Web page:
The produce department is benefiting from a nation that is aspiring to better health, or more specifically, to losing weight. Fifty percent of Americans are trying to lose weight, and one of the top methods is incorporating more fresh foods into their diets. Produce obviously fits the bill for the significant portion of consumers seeking foods that are less processed (45%), with less fat (59%), and less sugar (57%). Twenty-first century health and wellness devotees also want to know where their food comes from and what it’s doing for them. In this sense, produce has a deep well of opportunity to draw from.
Take for example, the “local” movement — demand is linked not only to perceptions of superior freshness and quality, but also ideas that go beyond individual health — locally sourced food is good for the local economy, more sustainable, etc. A recent survey from the Harris Poll revealed that 67% of respondents consider it important to buy locally sourced produce. Retailers can and are taking advantage of this trend by carrying “local” fare, which presents fewer logistical challenges than in a fresh department like meat or seafood.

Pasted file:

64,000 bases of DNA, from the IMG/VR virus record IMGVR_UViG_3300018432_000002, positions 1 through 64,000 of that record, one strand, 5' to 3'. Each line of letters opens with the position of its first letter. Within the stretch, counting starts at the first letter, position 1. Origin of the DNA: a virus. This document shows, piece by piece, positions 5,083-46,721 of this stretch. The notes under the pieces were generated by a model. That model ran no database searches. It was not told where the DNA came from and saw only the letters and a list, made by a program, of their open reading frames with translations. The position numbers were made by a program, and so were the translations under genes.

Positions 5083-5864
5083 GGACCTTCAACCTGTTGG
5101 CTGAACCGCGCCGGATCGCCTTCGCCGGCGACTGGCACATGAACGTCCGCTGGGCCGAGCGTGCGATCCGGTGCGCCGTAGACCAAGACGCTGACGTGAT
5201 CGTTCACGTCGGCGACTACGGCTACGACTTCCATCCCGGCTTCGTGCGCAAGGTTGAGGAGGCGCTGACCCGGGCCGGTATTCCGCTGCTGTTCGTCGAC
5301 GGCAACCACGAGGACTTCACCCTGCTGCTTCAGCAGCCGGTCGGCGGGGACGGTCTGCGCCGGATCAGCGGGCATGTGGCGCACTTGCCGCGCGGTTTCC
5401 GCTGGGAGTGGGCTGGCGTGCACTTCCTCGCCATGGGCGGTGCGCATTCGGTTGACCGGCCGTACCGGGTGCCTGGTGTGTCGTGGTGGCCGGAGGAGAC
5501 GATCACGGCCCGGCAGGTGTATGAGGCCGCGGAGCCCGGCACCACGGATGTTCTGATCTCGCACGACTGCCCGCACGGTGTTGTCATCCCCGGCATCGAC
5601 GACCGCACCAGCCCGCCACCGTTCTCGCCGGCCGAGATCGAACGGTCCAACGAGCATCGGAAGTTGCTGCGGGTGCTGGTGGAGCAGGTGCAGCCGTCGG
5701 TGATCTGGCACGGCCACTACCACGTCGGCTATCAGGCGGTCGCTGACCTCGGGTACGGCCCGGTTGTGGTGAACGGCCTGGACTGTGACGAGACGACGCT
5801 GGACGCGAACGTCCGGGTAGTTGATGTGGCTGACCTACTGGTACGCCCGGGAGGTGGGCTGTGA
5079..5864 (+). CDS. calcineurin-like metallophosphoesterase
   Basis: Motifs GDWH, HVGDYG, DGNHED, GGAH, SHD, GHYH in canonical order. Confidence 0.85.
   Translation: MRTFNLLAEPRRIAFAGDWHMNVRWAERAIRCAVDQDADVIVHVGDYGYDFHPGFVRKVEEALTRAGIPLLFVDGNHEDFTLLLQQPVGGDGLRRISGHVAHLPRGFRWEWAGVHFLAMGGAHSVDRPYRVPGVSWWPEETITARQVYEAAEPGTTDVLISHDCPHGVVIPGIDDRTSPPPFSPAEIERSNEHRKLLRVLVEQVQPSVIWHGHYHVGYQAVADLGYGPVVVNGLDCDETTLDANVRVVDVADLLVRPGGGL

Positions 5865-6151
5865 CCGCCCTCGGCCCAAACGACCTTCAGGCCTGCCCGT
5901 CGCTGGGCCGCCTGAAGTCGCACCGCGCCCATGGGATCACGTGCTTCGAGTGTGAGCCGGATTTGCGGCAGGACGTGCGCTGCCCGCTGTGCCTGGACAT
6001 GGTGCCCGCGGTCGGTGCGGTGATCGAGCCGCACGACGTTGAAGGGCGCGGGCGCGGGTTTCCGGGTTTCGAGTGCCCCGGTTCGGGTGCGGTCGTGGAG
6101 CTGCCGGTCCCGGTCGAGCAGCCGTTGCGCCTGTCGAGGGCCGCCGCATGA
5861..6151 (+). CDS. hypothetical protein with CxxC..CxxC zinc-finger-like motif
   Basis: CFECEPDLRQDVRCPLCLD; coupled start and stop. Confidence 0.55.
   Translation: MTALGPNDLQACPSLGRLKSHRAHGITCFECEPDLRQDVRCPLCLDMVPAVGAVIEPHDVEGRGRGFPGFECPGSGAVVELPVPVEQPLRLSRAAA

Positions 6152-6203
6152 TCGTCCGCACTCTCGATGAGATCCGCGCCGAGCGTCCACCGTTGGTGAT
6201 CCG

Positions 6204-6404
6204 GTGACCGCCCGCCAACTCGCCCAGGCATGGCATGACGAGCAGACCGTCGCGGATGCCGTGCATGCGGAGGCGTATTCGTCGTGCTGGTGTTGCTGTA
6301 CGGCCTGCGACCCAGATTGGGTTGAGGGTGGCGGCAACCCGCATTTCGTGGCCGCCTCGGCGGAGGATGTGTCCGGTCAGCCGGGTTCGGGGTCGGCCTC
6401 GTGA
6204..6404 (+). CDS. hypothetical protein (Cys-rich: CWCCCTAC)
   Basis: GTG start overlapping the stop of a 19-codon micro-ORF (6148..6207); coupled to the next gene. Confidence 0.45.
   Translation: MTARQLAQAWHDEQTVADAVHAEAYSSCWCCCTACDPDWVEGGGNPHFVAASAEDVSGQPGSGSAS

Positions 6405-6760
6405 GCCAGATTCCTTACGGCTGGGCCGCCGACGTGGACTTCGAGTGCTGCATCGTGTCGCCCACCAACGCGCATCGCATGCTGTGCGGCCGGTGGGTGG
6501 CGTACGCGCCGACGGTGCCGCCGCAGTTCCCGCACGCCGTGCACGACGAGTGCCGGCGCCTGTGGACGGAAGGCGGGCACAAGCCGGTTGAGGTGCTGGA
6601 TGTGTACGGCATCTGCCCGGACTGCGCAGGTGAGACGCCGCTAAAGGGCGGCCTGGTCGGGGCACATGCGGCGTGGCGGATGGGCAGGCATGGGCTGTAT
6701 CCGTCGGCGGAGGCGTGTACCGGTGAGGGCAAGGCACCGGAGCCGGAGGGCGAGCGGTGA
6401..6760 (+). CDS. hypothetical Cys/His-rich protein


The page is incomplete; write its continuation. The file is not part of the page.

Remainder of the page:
And we can’t discuss health and wellness claims without touching on organic, which accounted for 8% of total produce sales in 2015 (up from 5% in 2010). Organic produce has connotations of healthier, more sustainable product, and these factors are driving the sales of organic produce at more than four times the rate of conventional produce. In 2015, organic fruits and vegetables increased dollar sales 16% and 14%, respectively; while dollar sales for conventional fruit and vegetables increased 3%, respectively.